This novel deployment had two advantages; first, it allowed the team to independently measure the true electricity consumption of control households as distinct from the manual readings reported by utility staff, and second, because treatment and control meters were of a similar age, the team could isolate the impact of smart features, without the results being conflated with the effect of simply installing new meters (old devices might suffer from miscalibration or become non-functional, so there may be benefits to new equipment, smart or otherwise).
The team combined administrative data on billing and payments with two household surveys.
Research results, key messages, and recommendations
The change in how bills were generated did not increase the revenues recovered from consumers. The move to online billing slightly reduced revenue collection, leading to an 8% reduction in bills. This change is not in itself undesirable since it may correct manual billing inaccuracies (it is not obvious whether these are more likely to be biased upwards or downwards).
While the rule-based disconnection regime was announced, it was not adhered to in the field (operational staff were unwilling to give up discretion) and was quickly discontinued by the utility. As a result, the team found no improvement in revenue recovery in the remote disconnections treatment group.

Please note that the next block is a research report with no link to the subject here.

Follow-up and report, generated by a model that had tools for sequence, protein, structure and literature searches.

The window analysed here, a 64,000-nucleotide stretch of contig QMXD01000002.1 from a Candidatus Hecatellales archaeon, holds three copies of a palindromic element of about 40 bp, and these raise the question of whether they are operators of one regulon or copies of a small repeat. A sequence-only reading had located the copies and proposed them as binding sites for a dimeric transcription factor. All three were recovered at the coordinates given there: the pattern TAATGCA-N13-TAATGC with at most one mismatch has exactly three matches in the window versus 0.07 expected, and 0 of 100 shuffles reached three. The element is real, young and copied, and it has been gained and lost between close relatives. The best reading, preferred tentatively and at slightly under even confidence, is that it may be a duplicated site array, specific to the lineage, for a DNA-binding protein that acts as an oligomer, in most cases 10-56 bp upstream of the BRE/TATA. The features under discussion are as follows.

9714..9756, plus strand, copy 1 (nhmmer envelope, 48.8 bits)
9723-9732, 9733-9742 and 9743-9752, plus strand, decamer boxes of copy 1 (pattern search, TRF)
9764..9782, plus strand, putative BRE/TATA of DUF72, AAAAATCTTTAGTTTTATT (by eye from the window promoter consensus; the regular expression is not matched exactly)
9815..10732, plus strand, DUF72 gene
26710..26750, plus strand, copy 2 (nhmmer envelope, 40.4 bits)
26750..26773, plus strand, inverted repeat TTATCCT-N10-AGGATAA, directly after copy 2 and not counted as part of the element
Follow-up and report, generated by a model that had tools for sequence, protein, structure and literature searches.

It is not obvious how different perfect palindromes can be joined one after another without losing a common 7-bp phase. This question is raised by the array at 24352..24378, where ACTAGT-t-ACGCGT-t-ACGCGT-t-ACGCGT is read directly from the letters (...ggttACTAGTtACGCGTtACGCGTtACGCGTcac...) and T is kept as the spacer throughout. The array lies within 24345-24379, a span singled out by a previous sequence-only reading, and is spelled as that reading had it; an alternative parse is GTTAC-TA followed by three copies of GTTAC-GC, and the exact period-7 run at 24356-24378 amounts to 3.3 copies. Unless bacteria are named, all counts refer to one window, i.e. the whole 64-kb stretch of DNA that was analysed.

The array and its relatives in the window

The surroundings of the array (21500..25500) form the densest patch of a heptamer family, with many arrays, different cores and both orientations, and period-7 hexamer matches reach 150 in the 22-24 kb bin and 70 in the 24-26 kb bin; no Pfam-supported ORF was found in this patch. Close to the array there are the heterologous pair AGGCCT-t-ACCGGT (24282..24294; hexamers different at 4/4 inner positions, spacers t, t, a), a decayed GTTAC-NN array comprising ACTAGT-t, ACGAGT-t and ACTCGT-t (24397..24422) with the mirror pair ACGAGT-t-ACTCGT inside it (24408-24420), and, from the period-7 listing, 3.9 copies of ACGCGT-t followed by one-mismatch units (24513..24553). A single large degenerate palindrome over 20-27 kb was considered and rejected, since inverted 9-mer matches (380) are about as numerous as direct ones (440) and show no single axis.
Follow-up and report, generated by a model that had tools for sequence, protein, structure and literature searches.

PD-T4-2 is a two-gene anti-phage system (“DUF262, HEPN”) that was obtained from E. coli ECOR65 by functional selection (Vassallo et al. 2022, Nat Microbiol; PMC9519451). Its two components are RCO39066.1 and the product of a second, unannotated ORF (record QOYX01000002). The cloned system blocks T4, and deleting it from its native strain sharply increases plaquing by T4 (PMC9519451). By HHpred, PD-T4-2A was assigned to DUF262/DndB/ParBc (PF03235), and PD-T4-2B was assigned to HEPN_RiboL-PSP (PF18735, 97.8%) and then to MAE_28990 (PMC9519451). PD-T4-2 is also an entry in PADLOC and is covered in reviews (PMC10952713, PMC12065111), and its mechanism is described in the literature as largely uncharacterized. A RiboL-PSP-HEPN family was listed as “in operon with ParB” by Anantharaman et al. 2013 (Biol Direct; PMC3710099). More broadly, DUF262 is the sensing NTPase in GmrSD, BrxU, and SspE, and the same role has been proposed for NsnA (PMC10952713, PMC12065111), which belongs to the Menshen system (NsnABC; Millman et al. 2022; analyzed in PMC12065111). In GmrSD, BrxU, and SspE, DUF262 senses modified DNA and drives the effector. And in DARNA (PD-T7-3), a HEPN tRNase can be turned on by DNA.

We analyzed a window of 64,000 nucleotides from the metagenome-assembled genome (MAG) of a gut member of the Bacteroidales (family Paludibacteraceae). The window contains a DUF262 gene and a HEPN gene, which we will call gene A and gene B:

Furthermore, although smart meters make alternative payment contracts such as pre-paid metering feasible, the utility chose not to introduce these changes.
The savings in monthly costs for the utility (arising from not having to manually read meters) were outweighed by the monthly costs payable to the supplier of the smart meters, and without their use leading to greater disconnections of non-paying customers it is difficult to see the investment costs of the meters themselves being recovered by the utility.
Thus, the rollout of smart meters in this setting did not lead to improvements in revenue collection, more effective enforcement, or reduced losses.
The team concluded that unless smart meters are actively used to reform enforcement and payment practices, capital investments into the technology alone may not deliver either utility or consumer benefits.
Department of Energy, Government of Haryana, India
University of Chicago
London School of Economics and Political Science